Artificial reef structures and coral transplantation as potential tools for enhancing locally-managed inshore reefs: a case study from Wasini Island, Kenya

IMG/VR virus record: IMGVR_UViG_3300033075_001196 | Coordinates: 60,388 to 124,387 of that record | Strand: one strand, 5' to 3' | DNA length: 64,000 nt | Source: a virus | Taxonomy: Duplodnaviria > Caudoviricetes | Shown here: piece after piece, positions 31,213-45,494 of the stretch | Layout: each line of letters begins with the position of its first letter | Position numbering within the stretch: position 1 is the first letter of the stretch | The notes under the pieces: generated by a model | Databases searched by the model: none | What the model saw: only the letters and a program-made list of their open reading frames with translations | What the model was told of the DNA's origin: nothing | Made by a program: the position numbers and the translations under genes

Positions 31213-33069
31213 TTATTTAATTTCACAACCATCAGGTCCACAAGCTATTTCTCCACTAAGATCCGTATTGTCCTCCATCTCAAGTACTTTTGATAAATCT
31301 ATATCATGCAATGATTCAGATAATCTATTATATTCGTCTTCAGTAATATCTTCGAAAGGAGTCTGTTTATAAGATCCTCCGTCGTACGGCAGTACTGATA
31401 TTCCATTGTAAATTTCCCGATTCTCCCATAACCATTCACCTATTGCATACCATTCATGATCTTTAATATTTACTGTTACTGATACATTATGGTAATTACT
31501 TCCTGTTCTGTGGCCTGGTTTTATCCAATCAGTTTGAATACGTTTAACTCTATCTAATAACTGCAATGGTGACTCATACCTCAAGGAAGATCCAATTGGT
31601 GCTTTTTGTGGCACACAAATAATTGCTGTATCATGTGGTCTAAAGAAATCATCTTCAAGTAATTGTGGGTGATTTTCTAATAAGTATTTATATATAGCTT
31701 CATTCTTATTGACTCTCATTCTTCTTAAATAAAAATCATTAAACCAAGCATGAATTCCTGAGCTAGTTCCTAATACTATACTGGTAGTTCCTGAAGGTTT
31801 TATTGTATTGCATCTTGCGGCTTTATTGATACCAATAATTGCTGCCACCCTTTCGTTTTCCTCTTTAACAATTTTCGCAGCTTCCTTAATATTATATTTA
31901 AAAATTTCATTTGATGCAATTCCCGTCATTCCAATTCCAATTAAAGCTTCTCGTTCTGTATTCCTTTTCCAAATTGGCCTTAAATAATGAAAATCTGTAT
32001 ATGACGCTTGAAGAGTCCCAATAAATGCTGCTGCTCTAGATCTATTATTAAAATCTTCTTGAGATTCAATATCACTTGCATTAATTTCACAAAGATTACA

Many severely degraded reefs in the western Indian Ocean region show no signs of natural recovery and have remained for decades as barren, unconsolidated coral rubble fields with depleted commercially important fish groups. Consequently, several restoration techniques have been designed and developed to mitigate the localized impacts on coral reefs. Evaluating the efficacy of combined use of artificial reef structures and coral transplantation in enhancing habitat and recovery of key functions in severely degraded reefs is key to improved conservation of coral reefs. In this study, the survivorship rate of corals transplanted on reef structures is assessed, and changes in coral and fish abundance on artificial reef units and nearby natural reefs over time are compared. Coral cover on artificial reef structures increased from a mean of 17 % one year after initial attachment of fragments to 41 % after two years, with Acropora corals providing the highest cover. The artificial reef structures were also rapidly colonized by reef fish, with fish densities of 18±13 indiv./100 m2 showing an increase of about three fold higher than on natural reefs after two years. Greater numbers of commercially important fish groups (e.g., Lutjanids and Acanthurids) were observed on artificial reefs while natural reefs harboured more small sized fish (Pomacentrids and Labrids). These findings provide insights for artificial reef projects that are capable of restoring the regenerative capacity of the human-induced coral rubble beds.
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